“Critical Debris area with transport to RCC (Reinforced Carbon Carbon) and majority of underside Tiles. PRA is not credible. Difficult to estimate debris size without full understanding of root cause. Existing PRA for Void DP (Delta Pressure) is not applicable due to Mass & Time of Release,” noted one of the presentations from last week’s PRCB (available on L2).

However, based on the mass of projected foam liberations, the location of the flange to the orbiter, the time of ascent when the area would be under its highest loading/stress (around MaxQ) and the path such debris would take, the PRCB was told that even small amounts of foam are estimated to cause “critical damage” to the orbiter’s heatshield.

“Deterministic DTA (Debris Transport Analysis) completed to define transport / impact areas (+Z). Assumed 0.005 lbm, 0.010 lbm, and 0.025 lbm debris sizes. Close Proximity to Orbiter results in high likelihood of impact. Transport does not change significantly with debris size. Even relatively small debris estimated to cause critical damage,” the presentation continued.

“Assessed Airloads for +Z LO2 Intertank Flange area. Worst case is 65 sec to 70 sec Mission Elapsed Time (MET) (8.44 psid / 7.15 psid respectively). Represents High Loading to any exposed crack surface.”

The presentation also noted some the rules for the observation of issues with the flange foam, such as those seen during STS-133’s scrub due to the Ground Umbilical Carrier Plate (GUCP) leak.

“DIG (Debris Integration Group) position is that crack offset observed before MEI (Main Engine Ignition) is NO-GO for launch. Indication of debonded foam; no way to determine otherwise in time. In-family IT crack w/No Crack Offset is not expected to be a debris threat.”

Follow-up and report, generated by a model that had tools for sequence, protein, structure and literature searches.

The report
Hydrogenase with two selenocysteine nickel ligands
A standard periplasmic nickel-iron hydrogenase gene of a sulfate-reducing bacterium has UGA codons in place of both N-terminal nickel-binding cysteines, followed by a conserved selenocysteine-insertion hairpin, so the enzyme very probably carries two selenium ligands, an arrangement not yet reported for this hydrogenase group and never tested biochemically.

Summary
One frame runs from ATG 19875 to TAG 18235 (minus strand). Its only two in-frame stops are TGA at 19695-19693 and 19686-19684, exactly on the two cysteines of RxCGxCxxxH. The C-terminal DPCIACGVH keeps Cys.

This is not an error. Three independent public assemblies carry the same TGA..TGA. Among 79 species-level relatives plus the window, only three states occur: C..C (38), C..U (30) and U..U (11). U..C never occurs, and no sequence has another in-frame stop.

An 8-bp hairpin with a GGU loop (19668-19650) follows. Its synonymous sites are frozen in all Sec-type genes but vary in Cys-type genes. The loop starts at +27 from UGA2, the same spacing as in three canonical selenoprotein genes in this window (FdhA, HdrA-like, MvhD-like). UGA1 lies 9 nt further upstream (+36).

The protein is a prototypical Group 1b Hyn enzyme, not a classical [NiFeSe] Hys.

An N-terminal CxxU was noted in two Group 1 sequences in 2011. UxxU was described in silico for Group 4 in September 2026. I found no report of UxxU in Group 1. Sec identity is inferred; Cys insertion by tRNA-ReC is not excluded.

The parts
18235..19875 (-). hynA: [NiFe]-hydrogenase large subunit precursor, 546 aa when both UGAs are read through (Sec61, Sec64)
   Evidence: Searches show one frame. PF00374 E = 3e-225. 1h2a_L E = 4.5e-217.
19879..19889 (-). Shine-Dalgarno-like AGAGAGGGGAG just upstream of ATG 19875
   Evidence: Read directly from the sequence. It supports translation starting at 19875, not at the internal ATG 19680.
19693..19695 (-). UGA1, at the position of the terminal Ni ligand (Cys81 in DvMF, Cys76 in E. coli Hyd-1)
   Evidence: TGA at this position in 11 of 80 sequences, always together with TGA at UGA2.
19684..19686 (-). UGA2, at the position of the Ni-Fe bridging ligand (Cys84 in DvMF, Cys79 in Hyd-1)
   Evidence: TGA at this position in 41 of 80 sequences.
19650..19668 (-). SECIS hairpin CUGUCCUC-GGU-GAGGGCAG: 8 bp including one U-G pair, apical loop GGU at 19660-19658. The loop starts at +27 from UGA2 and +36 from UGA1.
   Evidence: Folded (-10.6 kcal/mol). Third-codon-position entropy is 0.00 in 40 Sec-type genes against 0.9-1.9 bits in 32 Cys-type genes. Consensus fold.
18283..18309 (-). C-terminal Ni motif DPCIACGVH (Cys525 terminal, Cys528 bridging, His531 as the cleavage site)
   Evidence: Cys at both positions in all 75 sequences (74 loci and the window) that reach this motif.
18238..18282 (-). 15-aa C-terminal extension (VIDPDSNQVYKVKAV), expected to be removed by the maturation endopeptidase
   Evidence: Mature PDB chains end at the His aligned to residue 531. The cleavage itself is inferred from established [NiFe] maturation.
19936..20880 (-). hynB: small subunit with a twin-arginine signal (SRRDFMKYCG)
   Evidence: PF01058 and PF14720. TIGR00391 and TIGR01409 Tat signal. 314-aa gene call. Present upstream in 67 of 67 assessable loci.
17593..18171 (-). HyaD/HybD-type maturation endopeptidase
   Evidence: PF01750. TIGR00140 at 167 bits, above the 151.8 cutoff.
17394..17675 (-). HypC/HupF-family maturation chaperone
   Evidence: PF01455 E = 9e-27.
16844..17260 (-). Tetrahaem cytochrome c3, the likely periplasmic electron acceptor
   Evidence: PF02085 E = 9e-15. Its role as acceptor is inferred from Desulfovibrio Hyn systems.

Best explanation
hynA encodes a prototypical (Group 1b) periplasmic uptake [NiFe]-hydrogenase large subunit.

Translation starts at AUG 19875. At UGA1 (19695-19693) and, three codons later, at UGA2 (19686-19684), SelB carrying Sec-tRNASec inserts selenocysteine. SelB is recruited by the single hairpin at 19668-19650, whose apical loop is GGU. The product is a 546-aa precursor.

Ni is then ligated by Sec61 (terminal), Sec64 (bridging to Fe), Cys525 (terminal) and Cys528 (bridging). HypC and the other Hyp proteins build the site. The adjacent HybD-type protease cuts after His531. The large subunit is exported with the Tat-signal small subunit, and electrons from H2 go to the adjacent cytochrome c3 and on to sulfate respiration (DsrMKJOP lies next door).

Managers had already created a plan for camera observations of the flange’s circumference during the countdown, allowing controllers to watch out for any defects in the foam, during and after inspection by the Final Inspection Team (FIT).

“Imagery Coverage: Operational Television (OTV) and fixed Infrared (IR) assets can view majority of LO2 and LH2 flanges (some areas of both are not in view; details on subsequent charts). Existing lighting is adequate during night ops (night views in backup). All stringers are visible and not in shadow,” noted a separate presentation (L2).

“Thrust panels expected to be partially in shadow due to SRBs (Solid Rocket Boosters). Listed OTV and IR (Infrared) cameras are Ice/Debris controlled. Periodic scans of LO2 and LH2 flanges performed during tanking/post tanking.

“FIT portable assets provide a 360 degree inspection coverage of the LO2 and LH2 flanges with the following limitations. LO2 flange is not visible under cable tray and pressline. LH2 flange is not visible under LO2 feedline, cable tray and presslines.”

With this set up at the pad, managers have noted that they can be “confident can detect similar anomalies if they occur prior to lift-off.”

Meetings relating to finding a root cause for the cracked stringers, which will be the path towards flight rationale, will continue through this week and likely beyond.

(Further updates and articles will follow. Refer to live coverage threads linked above. L2 members refer to STS-133 live coverage sections for internal coverage, presentations, images and and updates from engineers and managers. Images used, Lead: Within the article: via L2 acquired PRCB presentations).